language

A Quote by David Abram on language, writing, earth, land, intellect, and mind

The alphabetized intellect stakes its claim to the earth by staking it down, extends its dominion by drawing a grid of straight lines and right angles across the body of a continent – across north America, across Africa, across Australia – defining states and provinces, counties and countries with scant regard for the oral peoples that already live there, according to a calculative logic utterly impervious to the life of the land.

If I say that I live in the “United States” or in “Canada,” in “British Colombia” or in “New Mexico,” I situate myself within a purely human set of coordinates. I say little or nothing about the earthly place that I inhabit, but simply establish my temporary location within a shifting matrix of political, economic, and civilizational forces struggling to maintain themselves, today, largely at the expense of the animate earth. The great danger is that I, and many other good persons, may come to believe that our breathing bodies really inhabit these abstractions, and that we will lend our lives more to consolidating, defending, or bewailing the fate of these ephemeral entities than to nurturing and defending the actual places that physically sustain us.

David Abram

Source: The Spell of the Sensuous: Perception and Language in a More-Than-Human World (Vintage), Pages: 267

Contributed by: Siona

A Quote by David Abram on stories, earth, environment, ceremony, place, land, speech, and language

The telling of stories, like singing and praying, would seem to be an almost ceremonial act, an ancient and necessary mode of speech that tends the earthly rootedness of human language. For narrated events always happen somewhere. And for an oral culture, that location is never merely incidental to those occurrences. The events belong, as it were, to the place, and to tell the story of those events is to let the place itself speak through the telling.

David Abram

Source: The Spell of the Sensuous: Perception and Language in a More-Than-Human World (Vintage), Pages: 163

Contributed by: Siona

A Quote by David Abram on language, ecology, expression, earth, speech, and place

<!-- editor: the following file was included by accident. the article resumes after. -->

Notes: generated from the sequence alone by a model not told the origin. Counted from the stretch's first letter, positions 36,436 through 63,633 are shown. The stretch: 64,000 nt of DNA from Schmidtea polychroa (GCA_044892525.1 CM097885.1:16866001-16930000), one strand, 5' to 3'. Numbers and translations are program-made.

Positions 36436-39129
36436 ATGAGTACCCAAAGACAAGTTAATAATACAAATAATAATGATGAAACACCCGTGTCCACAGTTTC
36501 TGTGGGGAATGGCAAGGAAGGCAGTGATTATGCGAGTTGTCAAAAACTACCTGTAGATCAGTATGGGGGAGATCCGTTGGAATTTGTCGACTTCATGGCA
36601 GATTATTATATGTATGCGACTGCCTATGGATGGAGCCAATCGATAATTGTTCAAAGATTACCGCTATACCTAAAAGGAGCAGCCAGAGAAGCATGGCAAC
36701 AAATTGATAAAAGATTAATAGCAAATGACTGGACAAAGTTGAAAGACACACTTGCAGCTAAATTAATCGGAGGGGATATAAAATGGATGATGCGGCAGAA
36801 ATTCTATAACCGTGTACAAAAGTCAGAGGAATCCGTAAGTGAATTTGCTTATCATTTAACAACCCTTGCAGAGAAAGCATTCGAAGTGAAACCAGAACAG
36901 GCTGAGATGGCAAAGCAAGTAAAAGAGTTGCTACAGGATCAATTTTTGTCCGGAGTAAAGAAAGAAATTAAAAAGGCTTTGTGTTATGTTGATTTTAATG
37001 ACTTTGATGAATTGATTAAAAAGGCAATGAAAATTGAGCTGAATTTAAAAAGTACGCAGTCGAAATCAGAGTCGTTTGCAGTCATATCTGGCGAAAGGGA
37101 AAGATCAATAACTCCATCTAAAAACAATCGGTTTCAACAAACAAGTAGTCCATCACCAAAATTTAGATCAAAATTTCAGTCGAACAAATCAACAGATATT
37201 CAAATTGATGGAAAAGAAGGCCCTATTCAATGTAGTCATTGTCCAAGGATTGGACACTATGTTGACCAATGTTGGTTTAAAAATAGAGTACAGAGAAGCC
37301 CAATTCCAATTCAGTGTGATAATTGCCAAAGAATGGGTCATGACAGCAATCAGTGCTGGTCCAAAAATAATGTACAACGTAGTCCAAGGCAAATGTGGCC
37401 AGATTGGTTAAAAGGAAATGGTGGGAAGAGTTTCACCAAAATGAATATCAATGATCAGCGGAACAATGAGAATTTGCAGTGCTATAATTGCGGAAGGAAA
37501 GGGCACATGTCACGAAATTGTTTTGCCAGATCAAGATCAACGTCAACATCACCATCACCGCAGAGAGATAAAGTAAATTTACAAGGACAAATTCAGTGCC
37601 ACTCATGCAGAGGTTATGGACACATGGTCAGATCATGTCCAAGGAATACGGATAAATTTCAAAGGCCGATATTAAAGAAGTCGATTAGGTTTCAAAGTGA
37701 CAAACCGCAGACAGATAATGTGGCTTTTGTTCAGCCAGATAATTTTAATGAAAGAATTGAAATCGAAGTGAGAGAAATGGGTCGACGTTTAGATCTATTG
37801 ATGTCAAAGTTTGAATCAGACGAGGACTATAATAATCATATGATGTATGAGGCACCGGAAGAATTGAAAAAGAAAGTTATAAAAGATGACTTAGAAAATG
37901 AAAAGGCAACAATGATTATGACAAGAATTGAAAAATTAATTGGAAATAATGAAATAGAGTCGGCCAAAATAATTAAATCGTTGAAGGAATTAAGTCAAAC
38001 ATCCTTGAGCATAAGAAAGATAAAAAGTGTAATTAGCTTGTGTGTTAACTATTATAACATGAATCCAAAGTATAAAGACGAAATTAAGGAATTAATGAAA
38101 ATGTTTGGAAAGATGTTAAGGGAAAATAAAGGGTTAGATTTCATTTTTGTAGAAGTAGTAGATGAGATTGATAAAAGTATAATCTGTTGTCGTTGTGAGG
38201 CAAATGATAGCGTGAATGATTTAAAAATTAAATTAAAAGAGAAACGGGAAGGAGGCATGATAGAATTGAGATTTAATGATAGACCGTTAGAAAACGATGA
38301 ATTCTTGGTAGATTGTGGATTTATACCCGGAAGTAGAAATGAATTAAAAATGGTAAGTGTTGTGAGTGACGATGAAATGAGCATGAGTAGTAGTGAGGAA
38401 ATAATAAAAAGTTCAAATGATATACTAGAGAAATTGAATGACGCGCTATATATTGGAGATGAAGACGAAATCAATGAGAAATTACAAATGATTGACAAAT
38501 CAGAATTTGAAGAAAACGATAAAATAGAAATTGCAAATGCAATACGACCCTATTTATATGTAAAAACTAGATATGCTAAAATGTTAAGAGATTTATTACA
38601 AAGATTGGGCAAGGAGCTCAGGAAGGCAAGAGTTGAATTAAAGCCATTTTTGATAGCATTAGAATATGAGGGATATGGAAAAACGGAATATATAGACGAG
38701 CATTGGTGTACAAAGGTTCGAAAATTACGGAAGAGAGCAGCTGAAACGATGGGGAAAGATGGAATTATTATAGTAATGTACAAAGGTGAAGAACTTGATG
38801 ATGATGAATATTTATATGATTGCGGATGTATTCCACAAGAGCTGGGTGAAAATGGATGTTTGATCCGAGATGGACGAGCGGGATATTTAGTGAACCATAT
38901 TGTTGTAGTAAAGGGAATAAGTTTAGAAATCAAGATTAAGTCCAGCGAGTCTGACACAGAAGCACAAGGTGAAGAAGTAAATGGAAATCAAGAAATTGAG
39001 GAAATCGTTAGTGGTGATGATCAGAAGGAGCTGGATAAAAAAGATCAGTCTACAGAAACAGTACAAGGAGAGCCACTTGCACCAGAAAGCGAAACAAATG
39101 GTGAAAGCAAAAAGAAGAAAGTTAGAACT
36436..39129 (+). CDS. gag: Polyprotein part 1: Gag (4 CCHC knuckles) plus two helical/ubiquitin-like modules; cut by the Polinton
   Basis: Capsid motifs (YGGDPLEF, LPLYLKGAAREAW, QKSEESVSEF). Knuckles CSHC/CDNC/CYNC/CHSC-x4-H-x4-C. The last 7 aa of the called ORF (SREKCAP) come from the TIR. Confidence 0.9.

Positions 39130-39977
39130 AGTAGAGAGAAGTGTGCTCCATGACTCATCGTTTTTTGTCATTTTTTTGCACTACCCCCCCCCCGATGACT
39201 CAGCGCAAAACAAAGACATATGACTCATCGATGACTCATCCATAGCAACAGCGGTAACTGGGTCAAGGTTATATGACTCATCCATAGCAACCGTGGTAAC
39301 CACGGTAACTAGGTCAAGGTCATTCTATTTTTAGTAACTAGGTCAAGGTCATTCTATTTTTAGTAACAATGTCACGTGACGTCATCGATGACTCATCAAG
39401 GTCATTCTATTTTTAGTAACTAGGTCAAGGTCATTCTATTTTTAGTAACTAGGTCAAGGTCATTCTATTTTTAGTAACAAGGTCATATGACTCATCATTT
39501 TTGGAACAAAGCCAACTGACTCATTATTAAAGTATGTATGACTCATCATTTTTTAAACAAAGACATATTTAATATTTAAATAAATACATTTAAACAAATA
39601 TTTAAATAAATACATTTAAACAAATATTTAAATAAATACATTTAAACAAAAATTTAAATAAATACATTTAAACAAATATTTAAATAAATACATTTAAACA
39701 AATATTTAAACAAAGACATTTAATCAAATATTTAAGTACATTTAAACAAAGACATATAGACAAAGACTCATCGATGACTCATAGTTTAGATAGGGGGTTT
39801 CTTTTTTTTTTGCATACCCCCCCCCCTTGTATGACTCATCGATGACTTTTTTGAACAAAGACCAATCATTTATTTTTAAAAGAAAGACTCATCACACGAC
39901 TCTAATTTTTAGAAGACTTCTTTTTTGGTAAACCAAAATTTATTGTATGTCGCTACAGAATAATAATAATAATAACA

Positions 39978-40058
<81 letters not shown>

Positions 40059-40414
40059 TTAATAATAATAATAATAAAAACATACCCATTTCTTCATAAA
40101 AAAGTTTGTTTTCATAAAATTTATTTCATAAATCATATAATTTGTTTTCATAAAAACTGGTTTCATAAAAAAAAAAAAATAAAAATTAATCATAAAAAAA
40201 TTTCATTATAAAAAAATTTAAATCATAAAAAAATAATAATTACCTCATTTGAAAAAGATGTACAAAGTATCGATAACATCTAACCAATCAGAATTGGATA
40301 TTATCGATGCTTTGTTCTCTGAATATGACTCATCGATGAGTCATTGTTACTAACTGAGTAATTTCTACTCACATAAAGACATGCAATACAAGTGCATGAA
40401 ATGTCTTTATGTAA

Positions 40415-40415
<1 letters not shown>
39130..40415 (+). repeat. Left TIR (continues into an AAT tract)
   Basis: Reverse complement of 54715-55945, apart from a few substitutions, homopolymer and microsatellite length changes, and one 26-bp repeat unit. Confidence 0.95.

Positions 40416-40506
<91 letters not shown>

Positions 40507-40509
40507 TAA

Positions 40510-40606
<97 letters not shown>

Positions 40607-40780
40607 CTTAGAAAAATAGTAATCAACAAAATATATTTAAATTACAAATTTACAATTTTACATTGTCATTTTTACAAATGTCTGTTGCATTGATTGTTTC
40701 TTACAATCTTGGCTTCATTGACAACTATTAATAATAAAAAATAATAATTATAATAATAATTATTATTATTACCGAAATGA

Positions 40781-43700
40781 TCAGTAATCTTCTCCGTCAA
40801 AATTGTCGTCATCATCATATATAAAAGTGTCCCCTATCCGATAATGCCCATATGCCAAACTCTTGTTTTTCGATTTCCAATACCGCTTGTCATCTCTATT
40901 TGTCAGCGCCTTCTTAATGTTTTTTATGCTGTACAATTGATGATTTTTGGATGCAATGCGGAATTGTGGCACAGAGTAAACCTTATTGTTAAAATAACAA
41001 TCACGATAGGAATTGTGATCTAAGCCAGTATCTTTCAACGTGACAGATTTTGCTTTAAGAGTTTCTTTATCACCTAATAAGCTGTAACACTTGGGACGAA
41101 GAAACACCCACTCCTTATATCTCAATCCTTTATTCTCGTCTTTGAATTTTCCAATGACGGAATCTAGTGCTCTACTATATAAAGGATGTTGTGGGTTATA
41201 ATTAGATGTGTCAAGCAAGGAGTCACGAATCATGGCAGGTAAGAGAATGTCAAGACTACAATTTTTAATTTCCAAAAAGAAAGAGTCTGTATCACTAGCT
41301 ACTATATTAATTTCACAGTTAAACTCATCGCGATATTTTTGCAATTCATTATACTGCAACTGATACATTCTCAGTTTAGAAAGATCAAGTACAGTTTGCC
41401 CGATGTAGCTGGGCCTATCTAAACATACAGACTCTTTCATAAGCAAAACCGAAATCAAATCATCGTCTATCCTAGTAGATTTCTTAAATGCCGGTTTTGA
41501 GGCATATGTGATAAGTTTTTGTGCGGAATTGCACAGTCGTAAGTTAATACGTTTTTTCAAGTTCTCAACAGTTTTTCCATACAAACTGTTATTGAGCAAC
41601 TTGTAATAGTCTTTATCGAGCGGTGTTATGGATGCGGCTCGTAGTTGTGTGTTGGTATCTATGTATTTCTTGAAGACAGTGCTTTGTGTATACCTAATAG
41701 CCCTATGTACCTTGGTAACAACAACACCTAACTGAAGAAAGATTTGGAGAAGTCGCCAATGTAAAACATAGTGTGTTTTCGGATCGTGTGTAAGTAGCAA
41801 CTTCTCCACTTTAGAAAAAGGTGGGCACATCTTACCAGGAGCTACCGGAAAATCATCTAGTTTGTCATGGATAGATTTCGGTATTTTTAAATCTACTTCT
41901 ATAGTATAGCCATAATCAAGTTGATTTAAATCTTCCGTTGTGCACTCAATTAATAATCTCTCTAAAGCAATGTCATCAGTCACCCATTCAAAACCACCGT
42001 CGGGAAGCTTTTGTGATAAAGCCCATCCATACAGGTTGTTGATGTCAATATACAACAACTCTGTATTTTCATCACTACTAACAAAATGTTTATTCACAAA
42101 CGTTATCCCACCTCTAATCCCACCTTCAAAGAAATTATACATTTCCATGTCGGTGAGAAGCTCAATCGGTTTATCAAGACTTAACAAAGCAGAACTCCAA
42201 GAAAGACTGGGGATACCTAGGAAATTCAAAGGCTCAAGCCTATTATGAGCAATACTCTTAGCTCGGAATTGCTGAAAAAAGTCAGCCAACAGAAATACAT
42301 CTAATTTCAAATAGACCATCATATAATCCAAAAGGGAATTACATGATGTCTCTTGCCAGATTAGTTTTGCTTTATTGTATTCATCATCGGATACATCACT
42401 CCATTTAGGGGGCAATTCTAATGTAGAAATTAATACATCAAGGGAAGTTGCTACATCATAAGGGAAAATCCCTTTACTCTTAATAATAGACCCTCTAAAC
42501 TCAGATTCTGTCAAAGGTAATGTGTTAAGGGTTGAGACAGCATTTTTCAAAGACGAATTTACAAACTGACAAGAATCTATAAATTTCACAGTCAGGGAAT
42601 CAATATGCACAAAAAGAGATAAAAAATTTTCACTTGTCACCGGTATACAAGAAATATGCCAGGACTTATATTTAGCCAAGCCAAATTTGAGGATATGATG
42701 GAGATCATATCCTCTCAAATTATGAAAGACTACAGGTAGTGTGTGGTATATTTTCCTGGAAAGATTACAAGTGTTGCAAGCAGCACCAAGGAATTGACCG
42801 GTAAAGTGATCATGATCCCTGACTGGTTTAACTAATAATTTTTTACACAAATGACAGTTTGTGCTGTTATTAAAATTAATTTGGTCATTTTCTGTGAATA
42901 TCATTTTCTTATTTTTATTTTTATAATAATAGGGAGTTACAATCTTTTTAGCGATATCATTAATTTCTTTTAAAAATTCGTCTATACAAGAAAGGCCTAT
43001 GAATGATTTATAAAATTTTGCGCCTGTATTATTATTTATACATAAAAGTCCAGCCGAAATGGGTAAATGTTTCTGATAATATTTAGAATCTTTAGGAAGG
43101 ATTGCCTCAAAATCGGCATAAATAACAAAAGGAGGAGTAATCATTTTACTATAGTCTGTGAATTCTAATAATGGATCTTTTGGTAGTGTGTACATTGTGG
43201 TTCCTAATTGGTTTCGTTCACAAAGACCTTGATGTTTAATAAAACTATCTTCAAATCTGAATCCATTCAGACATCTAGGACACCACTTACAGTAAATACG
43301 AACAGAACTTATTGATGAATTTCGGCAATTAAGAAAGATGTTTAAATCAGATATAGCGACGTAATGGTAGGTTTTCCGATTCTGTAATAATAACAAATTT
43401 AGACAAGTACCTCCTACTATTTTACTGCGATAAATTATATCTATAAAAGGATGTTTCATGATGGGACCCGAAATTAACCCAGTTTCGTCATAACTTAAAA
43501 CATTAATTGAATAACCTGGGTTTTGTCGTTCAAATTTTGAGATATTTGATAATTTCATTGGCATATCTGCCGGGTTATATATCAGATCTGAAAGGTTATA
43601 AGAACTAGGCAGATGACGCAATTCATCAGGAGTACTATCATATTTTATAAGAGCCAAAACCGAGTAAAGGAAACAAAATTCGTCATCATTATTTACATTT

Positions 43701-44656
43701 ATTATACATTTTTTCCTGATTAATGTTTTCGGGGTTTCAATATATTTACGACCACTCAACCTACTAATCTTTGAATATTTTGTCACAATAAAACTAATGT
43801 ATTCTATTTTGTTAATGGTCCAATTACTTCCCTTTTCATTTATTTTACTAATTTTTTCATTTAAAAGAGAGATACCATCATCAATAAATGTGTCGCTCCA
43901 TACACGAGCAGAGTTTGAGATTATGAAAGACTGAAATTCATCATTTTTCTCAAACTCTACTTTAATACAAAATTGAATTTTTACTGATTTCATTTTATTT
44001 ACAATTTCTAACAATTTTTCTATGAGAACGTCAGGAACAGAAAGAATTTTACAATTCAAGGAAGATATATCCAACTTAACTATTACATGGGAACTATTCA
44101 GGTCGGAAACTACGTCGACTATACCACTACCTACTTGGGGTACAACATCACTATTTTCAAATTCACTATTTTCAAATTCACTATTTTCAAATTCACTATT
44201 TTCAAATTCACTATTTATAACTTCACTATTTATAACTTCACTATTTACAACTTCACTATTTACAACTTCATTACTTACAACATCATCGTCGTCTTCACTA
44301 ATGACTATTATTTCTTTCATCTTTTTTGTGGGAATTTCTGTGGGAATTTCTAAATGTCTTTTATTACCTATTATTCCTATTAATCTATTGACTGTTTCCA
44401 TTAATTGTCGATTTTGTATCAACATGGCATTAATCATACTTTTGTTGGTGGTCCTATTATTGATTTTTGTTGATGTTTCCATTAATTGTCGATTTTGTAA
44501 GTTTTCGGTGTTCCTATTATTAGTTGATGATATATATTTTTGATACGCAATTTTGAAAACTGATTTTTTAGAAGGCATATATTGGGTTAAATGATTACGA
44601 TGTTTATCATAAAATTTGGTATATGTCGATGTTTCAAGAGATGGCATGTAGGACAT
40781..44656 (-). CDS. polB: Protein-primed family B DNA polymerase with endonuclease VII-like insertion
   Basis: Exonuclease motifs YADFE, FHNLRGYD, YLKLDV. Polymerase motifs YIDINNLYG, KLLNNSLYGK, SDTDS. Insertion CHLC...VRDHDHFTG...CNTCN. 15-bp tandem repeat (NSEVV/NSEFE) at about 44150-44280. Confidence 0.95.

For the Amahuaca, the Koyukon, the Apache, and the diverse Aboriginal peoples of Australia – as for numerous other indigenous peoples – the coherence of human language is inseparable from the coherence of the surrounding ecology, from the expressive vitality of the more-than-human terrain. It is the animate earth that speaks; human speech is but a part of that vaster discourse.

David Abram

Source: The Spell of the Sensuous: Perception and Language in a More-Than-Human World (Vintage), Pages: 179

Contributed by: Siona

A Quote by David Abram on earth, intelligence, language, place, gods, ecology, magic, and space

The singular magic of a place is evident from what happens there, from what befalls oneself or others when in its vicinity. The songs proper to a specific site will share a common style, a rhythm that matches the pulse of the place, attuned to the way things happen there – to the sharpness of the shadows or the rippling speech of water bubbling up from the ground. In traditional Ireland, a country person might journey to one distant spring in order to cure her insomnia, to another for strengthening her ailing eyesight, and to yet another to receive insight and protection from thieves. For each spring has its own powers, its own blessings, and its own curses. Different gods dwell in different places, and different demons. Each place has its own dynamism, its own patterns of movement, and these patterns engage the senses and relate them in particular ways, instilling particular moods and modes of awareness, so that unlettered, oral people will rightly say that each place has its own mind, its own personality, its own intelligence.

David Abram

Source: The Spell of the Sensuous: Perception and Language in a More-Than-Human World (Vintage), Pages: 182

Contributed by: Siona

A Quote by David Abram on space, place, earth, land, ecology, environment, writing, and language

Once the stories are written down, the visible text becomes the primary mnemonic activator of the spoken stories – the inked traces left by the pen as it traverses the page replacing the earthly tracks left by the animals, and by one’s animal ancestors, as they moved across the land. The places themselves are no longer necessary to the remembrance of the stories, and often come to seem wholly incidental to the tales, the arbitrary backdrops for human events that might just as well have happened elsewhere. The transhuman, ecological determinants of the originally oral stories are no longer emphasized, and often are written out of the tales entirely. In this manner the stories and myths, as they lose their oral, performative character, forfeit as well their intimate links to the more-than-human earth. And the land itself, stripped of the particularizing stories that once sprouted from every cave and streambed and cluster of trees, begins to lose its multiplicitous power. The human senses, intercepted by the written word, are no longer gripped and fascinated by the expressive shapes and sounds of particular places. The spirits fall silent. Gradually the felt primacy of place is forgotten, superceded by a new, abstract notion of “space” as a homogenous and placeless void.

David Abram

Source: The Spell of the Sensuous: Perception and Language in a More-Than-Human World (Vintage), Pages: 183-184

Contributed by: Siona

A Quote by David Abram on earth, magic, life, living, aliveness, relationship, landscape, and language